Genomic analyses reveal global functional alterations that promote tumor growth and novel tumor suppressor genes in natural killer-cell malignancies Academic Article uri icon

Overview

MeSH Major

  • Comparative Genomic Hybridization
  • Crystallins
  • Gene Expression Regulation, Neoplastic
  • Genes, Tumor Suppressor
  • Killer Cells, Natural
  • Lymphoma
  • Membrane Proteins
  • Microtubule-Associated Proteins
  • Repressor Proteins

abstract

  • Natural killer (NK)-cell malignancies are among the most aggressive lymphoid neoplasms with very poor prognosis. We performed array comparative genomic hybridization analysis on a number of NK cell lines and primary tumors to gain better understanding of the pathogenesis and tumor biology of these malignancies. We also obtained transcriptional profiles of genes residing in these regions and compared them with normal and activated NK cells. Only 30-50% of the genes residing in the gained or deleted regions showed corresponding increased or decreased expression. However, many of the upregulated genes in regions of gain are functionally important for the proliferation and growth of the neoplastic population. Genes downregulated in regions of loss included many transcription factors or repressors, tumor suppressors or negative regulators of the cell cycle. The minimal common region of deletion in 6q21 included three known genes (PRDM1, ATG5 and AIM1) showing generally low expression. Mutations resulting in truncated PRDM1 and changes in conserved amino-acid sequences of AIM1 were detected. Highly methylated CpG islands 5' of PRDM1 and AIM1 correlated with low expression of the transcripts. Reversal of methylation by Decitabine induced expression of PRDM1 and cell death. In conclusion, we have shown a general tumor-promoting effect of genetic alterations and have identified PRDM1 as the most likely target gene in del6q21. ATG5, an essential gene for autophagy and AIM1, a gene implicated in melanoma, may also participate in the functional abnormalities.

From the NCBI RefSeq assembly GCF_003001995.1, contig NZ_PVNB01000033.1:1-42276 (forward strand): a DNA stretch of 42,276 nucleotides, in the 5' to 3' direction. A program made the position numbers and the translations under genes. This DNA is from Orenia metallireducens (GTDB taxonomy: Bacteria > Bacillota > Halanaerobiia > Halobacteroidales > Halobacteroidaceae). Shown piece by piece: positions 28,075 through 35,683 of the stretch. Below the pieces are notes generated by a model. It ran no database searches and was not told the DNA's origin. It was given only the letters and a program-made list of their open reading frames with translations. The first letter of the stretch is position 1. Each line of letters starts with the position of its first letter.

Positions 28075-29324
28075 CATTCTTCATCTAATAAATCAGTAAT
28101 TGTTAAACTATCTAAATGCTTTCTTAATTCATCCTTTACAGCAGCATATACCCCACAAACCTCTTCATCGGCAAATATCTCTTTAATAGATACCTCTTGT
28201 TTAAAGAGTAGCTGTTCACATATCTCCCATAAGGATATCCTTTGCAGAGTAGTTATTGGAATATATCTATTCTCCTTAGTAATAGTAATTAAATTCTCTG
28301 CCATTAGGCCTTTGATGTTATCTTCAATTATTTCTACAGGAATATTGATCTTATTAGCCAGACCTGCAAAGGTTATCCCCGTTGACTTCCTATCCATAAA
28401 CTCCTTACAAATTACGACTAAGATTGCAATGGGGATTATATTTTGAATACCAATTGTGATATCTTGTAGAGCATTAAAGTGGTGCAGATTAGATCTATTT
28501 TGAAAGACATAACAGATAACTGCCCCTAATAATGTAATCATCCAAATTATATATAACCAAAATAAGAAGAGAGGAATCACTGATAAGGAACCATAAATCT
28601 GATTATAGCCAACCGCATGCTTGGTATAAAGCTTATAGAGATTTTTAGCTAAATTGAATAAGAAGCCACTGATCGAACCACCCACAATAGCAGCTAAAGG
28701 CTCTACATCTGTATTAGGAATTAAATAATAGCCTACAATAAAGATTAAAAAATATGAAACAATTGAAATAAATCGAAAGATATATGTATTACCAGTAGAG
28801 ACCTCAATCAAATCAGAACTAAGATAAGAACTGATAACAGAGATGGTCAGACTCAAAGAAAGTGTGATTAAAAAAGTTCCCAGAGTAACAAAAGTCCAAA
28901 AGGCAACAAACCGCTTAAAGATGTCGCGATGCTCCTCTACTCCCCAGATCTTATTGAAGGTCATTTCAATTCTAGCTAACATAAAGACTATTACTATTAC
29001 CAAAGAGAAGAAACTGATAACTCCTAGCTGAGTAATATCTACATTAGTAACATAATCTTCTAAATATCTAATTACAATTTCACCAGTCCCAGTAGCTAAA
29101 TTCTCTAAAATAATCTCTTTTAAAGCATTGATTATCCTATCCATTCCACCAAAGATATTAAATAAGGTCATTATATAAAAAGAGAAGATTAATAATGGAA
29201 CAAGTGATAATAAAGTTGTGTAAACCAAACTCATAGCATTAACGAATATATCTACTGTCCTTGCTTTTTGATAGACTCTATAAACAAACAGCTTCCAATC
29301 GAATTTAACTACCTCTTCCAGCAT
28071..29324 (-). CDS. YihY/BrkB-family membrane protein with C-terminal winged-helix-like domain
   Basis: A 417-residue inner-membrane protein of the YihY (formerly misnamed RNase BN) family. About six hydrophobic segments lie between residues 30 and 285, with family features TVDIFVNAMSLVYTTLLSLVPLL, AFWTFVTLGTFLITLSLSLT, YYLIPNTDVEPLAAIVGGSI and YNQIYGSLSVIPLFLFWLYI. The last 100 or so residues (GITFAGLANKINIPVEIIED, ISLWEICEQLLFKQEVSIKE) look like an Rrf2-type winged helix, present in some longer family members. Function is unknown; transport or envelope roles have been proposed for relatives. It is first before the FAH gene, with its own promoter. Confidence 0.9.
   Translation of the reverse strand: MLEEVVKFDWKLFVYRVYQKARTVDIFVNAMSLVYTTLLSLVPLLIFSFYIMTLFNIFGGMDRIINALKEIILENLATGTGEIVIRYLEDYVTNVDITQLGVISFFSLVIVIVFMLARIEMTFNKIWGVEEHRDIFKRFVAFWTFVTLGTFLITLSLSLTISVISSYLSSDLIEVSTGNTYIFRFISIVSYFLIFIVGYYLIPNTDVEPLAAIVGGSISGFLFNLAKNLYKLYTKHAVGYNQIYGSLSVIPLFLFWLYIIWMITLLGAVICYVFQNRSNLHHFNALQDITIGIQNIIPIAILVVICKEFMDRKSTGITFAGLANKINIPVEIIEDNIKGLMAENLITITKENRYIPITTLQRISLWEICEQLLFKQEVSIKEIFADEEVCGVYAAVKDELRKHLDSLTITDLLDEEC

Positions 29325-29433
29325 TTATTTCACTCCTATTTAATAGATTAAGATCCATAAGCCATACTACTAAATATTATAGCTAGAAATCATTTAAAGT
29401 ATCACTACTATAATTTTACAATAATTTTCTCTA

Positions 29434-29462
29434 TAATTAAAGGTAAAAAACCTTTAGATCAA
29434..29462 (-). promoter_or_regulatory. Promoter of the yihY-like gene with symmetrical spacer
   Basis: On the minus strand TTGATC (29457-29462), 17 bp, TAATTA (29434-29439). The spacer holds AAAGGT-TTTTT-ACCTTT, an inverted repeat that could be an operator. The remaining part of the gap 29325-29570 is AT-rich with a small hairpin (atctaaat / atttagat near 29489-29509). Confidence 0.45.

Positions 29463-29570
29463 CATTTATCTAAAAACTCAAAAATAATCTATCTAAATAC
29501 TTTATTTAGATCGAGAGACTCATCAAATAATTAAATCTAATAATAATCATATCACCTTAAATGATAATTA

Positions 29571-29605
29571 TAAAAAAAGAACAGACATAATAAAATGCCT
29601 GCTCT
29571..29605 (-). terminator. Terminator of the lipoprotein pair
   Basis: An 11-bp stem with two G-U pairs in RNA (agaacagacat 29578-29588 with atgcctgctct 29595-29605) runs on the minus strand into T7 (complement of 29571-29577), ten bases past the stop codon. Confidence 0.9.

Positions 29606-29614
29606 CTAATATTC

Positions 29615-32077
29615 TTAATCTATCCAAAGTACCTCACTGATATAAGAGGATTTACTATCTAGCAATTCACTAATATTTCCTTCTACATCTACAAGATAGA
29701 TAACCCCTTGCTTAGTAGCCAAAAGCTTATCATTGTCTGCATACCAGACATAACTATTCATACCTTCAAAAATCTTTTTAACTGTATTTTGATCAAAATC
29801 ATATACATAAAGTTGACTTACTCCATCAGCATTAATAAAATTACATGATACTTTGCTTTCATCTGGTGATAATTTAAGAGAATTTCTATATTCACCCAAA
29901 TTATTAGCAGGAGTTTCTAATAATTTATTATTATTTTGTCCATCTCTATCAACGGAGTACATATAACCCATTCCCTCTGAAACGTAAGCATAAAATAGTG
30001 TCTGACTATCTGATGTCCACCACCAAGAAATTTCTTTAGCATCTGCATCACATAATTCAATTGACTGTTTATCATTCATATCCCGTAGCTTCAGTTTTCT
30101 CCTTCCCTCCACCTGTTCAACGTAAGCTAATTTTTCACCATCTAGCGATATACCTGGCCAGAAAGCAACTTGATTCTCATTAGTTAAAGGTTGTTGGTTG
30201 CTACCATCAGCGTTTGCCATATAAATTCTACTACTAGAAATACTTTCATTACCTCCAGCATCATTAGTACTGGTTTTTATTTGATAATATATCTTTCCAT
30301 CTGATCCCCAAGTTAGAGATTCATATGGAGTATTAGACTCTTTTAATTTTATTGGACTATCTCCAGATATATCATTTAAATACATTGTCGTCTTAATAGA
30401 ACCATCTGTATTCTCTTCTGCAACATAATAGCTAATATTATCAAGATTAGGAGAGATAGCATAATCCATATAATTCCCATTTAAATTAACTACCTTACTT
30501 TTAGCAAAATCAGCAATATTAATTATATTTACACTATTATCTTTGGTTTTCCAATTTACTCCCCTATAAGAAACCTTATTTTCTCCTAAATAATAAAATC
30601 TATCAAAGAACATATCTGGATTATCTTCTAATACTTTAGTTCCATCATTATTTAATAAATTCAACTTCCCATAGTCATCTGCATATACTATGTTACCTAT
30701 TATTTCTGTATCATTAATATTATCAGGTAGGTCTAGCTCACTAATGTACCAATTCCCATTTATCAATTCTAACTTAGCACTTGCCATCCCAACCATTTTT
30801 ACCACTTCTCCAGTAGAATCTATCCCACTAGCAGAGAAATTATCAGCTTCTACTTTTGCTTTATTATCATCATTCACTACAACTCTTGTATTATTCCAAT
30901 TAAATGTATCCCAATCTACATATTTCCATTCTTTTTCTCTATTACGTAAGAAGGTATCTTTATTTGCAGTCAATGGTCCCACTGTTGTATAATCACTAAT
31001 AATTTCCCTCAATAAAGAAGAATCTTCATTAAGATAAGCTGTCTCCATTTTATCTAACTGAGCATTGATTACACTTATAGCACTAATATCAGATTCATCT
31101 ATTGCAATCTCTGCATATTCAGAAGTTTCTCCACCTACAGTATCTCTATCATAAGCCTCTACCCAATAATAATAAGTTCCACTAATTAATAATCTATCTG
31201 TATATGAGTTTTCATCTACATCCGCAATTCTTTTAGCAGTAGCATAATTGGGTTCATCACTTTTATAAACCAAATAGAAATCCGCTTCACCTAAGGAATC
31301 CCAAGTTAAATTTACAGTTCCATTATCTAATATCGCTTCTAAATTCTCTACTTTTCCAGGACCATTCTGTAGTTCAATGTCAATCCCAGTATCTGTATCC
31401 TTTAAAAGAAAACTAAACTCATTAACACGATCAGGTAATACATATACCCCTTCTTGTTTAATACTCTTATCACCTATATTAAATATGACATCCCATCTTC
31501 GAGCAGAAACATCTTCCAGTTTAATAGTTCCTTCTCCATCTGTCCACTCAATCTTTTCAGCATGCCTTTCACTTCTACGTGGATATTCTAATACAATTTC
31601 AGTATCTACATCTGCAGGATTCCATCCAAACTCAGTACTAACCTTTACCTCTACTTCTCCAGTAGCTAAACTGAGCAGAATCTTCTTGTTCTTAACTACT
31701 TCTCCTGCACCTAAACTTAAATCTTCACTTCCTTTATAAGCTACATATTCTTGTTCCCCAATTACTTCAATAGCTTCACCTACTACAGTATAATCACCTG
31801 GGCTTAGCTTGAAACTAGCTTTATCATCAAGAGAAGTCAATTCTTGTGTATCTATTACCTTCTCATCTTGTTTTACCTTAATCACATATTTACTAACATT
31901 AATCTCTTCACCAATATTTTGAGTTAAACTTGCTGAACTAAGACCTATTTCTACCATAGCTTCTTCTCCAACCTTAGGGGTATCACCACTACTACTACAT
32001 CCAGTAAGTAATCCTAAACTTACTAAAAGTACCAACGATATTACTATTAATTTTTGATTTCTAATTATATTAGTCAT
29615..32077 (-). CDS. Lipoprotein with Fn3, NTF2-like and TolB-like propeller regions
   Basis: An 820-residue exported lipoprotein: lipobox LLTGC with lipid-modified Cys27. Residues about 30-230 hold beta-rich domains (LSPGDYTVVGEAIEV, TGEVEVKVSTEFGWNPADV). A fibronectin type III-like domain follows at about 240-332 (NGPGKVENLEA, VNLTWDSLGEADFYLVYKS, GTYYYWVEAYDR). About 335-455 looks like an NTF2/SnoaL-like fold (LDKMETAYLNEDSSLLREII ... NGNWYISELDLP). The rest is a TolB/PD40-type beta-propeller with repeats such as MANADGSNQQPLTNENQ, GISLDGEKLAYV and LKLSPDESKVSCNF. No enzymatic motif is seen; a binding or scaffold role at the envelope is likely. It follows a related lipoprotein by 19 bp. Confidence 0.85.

publication date

  • February 6, 2009

Research

keywords

  • Academic Article

Identity

Language

  • eng

Digital Object Identifier (DOI)

  • 10.1038/leu.2009.3

PubMed ID

  • 19194464

Additional Document Info

start page

  • 1139

end page

  • 51

volume

  • 23

number

  • 6